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In: Babylon or New Jerusalem?

The blue chair is where the father of the protagonist siblings in Jonathan Franzén’s novel Corrections ends his life; a comfortable, restful and utterly ugly chair, the only piece of furniture of his own acquisition in an up-marked American suburban home; and the last confine of a mishap existence that has lost its directions through forced retirement and soon escapes into precocious dementia. From having been a marginal and rather inconspicuous disease, dementia, especially in the guise of Alzheimer’s disease, has become one of the major challenges to health-care in the industrialised world during the last 20 years or so. This article examines some of the ways in which the rapidly increasing number of patients with the diagnosis of dementia is reflected and negotiated in contemporary American fiction. Through a reading of three novels, Amy Tan’s The Bonesetters Daughter, Chuck Palahniuk’s Choke and Franzén’s The Corrections, all published in 2001, it is discussed how the phenomenon of dementia highlights and expresses some more general features in contemporary culture, especially the changing role of cultural memory in a uniformed culture of consumption, the blurring boundaries between the real and the imaginary in a mediatised society, and the transformation of generational authority in a culture where youthfulness is idealised. On the basis of these readings, it is argued that the role of literature in relation to the disease of dementia can be seen not only as a phenomenological first-person approach to the experience of patients and relatives, but also as a diagnosis of some cultural predicaments supporting the spread of the clinical syndrome, and not least some strategies for coping with the disease in this expanded cultural context.

In: Illness in Context
In: The Beauty of Theory
In: Socioaesthetics

Based on the preceding, this chapter situates the question of legibility in a wider context of the challenges and opportunities facing cultural analysis today. The first part of the essay traces some central motifs in cultural analysis back to German and French critical theory and discusses the fundamental approaches to the question of legibility that can be found here. After a brief discussion of how the present development in mediation and media technology impacts on the relation between what is legible and what is not, it is suggested to revisit the notion of representation. Representation today, so Tygstrup argues, radically conflates the forms, concerns and affects involved in cultural agency, which eventually is developed through a discussion of the preceding contributions.…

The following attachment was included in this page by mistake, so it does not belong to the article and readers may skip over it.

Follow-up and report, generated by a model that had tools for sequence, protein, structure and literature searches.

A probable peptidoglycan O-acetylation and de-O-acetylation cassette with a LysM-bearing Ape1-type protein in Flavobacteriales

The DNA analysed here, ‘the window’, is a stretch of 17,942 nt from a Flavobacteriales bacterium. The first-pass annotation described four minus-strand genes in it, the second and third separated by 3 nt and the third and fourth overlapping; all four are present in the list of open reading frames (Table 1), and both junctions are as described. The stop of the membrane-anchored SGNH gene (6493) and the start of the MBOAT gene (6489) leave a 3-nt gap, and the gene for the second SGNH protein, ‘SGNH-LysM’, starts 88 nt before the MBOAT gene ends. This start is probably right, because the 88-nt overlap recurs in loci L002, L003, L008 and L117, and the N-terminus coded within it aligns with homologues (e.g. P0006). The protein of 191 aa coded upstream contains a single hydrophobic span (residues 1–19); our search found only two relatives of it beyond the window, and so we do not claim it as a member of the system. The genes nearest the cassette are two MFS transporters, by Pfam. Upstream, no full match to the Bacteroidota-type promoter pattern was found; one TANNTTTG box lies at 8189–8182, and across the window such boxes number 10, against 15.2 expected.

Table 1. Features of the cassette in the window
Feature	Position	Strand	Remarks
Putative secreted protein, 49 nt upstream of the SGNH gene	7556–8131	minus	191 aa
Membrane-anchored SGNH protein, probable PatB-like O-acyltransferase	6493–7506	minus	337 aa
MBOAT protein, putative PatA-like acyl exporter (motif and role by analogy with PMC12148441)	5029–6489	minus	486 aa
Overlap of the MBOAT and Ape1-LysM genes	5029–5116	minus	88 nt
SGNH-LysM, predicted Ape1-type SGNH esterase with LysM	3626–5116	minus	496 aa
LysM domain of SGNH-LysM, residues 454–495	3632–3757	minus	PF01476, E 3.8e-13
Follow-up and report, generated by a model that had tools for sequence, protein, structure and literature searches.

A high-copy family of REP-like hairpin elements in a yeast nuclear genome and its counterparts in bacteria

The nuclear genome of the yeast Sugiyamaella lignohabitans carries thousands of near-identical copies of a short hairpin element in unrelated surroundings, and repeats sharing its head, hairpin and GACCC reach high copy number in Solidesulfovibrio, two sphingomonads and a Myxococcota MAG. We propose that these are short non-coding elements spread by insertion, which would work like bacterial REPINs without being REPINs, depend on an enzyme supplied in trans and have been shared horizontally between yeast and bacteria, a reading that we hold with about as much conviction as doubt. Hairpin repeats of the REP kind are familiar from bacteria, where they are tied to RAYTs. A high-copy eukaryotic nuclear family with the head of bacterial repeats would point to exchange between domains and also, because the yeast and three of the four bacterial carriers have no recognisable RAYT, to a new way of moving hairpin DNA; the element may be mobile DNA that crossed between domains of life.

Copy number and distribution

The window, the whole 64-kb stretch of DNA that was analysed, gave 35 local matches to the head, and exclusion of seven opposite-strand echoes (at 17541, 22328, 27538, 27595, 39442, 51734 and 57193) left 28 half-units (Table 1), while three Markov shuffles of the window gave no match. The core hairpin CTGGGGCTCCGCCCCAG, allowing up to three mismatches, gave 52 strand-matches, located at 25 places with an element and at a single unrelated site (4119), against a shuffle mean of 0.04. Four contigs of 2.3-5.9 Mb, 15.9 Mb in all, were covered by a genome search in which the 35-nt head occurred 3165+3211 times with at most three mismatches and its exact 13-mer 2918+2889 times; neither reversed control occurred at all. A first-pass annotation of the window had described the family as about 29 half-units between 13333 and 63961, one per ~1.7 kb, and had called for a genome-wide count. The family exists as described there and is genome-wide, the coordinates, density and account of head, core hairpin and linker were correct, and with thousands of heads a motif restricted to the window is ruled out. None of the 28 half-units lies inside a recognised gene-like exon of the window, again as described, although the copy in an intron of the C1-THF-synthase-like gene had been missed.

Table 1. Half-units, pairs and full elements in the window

In: Legibility in the Age of Signs and Machines
Aesthetics is no longer the preserve of art historians and philosophers of art. Changes in society, culture, economy, urban dynamics and everyday life, push us towards considering the aesthetic components of traditionally non-aesthetic domains. Today it is not only legitimate but necessary to query the relationship between the social as a cohesive and encompassing form of community and human institutions and the aesthetic, that is the sensual, sensory, or, perhaps better, the sensible. Increasingly the social seems to emerge from the sensible and sentient meaning of objects. The volume SocioAesthetics: Ambience – Imaginary collects scholars from social science, aesthetics, arts, and cultural studies in case-driven debate, ranging from biometrics to luxury commodities, on how a new alignment of aesthetics and the social is possible and what the possible prospects of this may be.
In: Socioaesthetics
In: Socioaesthetics
In: Socioaesthetics
This book is a contribution to humanistic studies of illness. Medical humanities are by nature cross-disciplinary, and in recent years studies in this field have been recognized as a platform for dialogue between the “two cultures” of the natural sciences and the humanities. Illness in Context is a result of an encounter of several disciplines, including medicine, history and literature. The main stress is on the literary perspectives of the interdisciplinary collaboration. The reading practices highlighting the clinical, phenomenological and archeological approaches to illness take as their point of departure the living text, that is, the literary experience mediated and created by the text. Literature is seen not solely as a medium for the representation of experiences of illness, but also as a historical praxis involved in the forging of our common understanding of illness. In contrast to traditional literary analysis – primarily oriented toward the interpretation of the literary work’s meaning – the project will emphasize description and understanding of how literature itself performs as a means of interpretation of reality. The target group for this book comprises professionals in the various disciplines, and students of health and culture. The ambition is to contribute to teaching in humanistic illness research, and function as a topical resource book that formulates controversial problems in the crucial meeting of medicine and the humanities.